26 May, 2015

"Little friends" and cool puzzle apps

Best. Game. Ever.

No, not Cards Against Humanity. I'm talking iPad games. And three-year-olds.

I downloaded this app a couple months ago. You control one of the colorful, parachute-like figures and have to manipulate the blocks into towers. I left my son to his own devices with his, yes, device, and a bit later, my mom popped in and began watching him play. Fast forward 10 minutes or so, and they both came to me asking how to get more than one parachute-creature to appear. "Where my little friends go?" my son asked. "You got little friend?"

(Hilariously, he now also refers to his schoolmates this way, and when he had to go to work with me last Friday, he asked on the way there, "You have little friends there, Mommy?")

It's a very minimalist game, with very few settings to adjust, so it didn't take me long to determine that there was no feature I could turn on to make the "little friends" appear. Puzzled, I looked up the game, Drei, by Etter, on Google.

And discovered that "little friends" was a very apt word choice. Because those "little friends" are other players, on their own iPads and tablets, simultaneously, around the world. Some of the levels require collaboration between two or more players in order to beat the level. The collaboration is mostly intuitive, too, because the program only allows you to say a handful of words ("Slowly", "Hello", etc.), although it will translate them into a variety of languages.

I was pretty impressed. Over the last few months, I've discovered a handful of other apps that breathtakingly elegant, stunningly creative, and manage to be just challenging enough for the combination of a three-year-old and a 33-year-old. Many share the spirt of World of Goo - physics-based manipulative puzzles games with gorgeous graphics and a surreal soundtrack.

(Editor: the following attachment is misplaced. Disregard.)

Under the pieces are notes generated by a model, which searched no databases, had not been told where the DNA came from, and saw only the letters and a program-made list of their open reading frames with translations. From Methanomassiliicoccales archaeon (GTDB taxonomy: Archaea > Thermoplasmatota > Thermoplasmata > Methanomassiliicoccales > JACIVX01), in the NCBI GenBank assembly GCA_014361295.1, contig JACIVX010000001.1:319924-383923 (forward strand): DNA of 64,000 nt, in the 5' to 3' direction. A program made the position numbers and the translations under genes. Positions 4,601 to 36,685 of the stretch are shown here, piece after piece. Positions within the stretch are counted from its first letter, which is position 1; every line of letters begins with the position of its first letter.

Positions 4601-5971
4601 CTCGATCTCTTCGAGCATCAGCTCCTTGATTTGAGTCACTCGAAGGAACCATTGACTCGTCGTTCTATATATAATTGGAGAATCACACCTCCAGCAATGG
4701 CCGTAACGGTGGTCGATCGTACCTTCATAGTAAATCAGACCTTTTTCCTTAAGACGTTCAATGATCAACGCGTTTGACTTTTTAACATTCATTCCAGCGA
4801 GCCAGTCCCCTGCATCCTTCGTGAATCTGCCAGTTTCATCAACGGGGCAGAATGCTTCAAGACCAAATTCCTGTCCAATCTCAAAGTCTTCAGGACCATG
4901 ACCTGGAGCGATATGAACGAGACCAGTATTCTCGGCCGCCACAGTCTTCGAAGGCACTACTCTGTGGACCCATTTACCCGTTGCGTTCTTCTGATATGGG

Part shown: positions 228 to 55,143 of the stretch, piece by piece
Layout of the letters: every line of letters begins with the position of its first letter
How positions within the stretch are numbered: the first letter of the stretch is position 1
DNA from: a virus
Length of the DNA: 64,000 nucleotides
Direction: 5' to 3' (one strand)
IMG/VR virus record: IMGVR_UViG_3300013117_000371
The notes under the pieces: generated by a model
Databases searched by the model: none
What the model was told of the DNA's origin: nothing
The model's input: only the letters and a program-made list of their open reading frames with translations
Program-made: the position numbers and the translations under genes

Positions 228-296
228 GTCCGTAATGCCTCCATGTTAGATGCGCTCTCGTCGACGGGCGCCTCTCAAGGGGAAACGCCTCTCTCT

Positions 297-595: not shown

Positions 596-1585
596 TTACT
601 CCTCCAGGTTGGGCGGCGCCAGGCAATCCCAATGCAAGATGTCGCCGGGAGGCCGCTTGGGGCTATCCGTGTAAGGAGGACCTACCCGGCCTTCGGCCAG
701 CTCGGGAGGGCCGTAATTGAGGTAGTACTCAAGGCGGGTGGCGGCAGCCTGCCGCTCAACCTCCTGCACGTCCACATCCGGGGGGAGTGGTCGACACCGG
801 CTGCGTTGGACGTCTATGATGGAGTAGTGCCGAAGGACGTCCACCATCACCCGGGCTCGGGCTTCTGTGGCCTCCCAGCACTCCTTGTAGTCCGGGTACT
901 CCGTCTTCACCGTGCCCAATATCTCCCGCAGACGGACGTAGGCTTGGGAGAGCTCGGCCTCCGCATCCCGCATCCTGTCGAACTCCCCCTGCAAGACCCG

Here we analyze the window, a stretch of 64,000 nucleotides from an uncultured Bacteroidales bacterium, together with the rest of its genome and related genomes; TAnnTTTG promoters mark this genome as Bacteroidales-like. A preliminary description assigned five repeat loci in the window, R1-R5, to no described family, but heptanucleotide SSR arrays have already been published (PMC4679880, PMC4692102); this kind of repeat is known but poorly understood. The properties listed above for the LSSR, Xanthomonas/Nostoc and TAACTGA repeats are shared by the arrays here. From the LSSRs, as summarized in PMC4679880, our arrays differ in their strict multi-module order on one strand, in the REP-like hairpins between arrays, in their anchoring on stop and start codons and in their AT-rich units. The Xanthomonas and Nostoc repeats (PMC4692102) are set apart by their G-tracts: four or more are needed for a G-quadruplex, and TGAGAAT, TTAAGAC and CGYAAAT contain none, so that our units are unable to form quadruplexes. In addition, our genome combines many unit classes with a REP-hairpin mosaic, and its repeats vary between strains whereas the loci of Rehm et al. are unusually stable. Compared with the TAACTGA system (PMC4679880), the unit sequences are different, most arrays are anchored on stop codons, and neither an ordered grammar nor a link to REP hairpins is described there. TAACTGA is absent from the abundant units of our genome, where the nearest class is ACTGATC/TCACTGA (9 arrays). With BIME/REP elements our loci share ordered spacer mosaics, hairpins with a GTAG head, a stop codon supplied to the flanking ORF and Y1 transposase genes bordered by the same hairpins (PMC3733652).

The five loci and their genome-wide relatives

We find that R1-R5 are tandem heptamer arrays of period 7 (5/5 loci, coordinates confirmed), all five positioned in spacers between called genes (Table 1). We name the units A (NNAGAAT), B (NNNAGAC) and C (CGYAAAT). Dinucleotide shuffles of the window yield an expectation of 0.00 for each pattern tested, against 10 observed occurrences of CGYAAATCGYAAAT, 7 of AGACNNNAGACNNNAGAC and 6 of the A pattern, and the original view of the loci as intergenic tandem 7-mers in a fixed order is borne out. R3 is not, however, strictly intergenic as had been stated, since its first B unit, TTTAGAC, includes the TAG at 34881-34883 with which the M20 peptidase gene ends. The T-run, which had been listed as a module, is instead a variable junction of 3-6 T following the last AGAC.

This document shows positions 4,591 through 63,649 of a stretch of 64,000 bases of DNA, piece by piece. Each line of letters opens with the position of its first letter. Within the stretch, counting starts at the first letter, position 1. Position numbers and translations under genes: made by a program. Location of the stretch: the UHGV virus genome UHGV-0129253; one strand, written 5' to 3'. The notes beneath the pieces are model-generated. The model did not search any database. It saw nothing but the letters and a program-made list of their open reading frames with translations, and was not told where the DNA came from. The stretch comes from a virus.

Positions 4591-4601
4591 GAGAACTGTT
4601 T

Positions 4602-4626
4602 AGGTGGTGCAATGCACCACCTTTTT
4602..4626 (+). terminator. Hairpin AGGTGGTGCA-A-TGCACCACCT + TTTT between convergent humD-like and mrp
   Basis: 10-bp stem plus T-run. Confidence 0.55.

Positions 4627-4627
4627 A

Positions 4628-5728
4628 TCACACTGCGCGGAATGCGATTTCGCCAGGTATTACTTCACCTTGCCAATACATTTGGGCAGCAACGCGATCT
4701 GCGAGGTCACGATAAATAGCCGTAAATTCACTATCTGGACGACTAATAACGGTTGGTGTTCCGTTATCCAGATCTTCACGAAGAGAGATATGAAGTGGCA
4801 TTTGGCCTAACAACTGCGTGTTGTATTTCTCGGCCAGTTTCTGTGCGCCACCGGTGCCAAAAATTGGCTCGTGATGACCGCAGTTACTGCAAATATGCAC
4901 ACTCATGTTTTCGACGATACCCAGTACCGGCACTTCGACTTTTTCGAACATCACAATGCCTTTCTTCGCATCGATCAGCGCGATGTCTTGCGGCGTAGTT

A few recommendations for other apps:

1. Monument Valley. "An illusory adventure of impossible adventure and forgiveness." Multi-dimensional Escher-like structures that you have to rotate to get a princess to her crown. This one also has spare, lovely bits of poetry between levels. It's fun to watch a preschooler do this and try to figure out whether they have an adult's response to Escher.

2. Blockwick (and Blockwick 2). "The blocks here are all different shapes and colors with mysterious symbols. Everything is mixed up, but when you place same-colored blocks next to each other, they glow. Organize the blocks to bring light and order to this world." And, oh yeah, you can buy the soundtrack on Bandcamp. Finn sometimes says, "Mommy, you can do it," when I'm playing this game. (He can do it too, some of the time.)

3. Windosill. You can play online too (that's the original version). "Explore a dream-like world of eleven beautifully-constructed environments. Equal parts puzzle game, physics toy, and living picture-book, Windosill rewards playful investigation with mysterious and beautiful surprises. Designed to be experienced in a single sitting (anywhere between 20 minutes and 2 hours), Windosill is suitable for clever kids and imaginative adults alike."

Have anything similar to recommend? Post your suggestions here!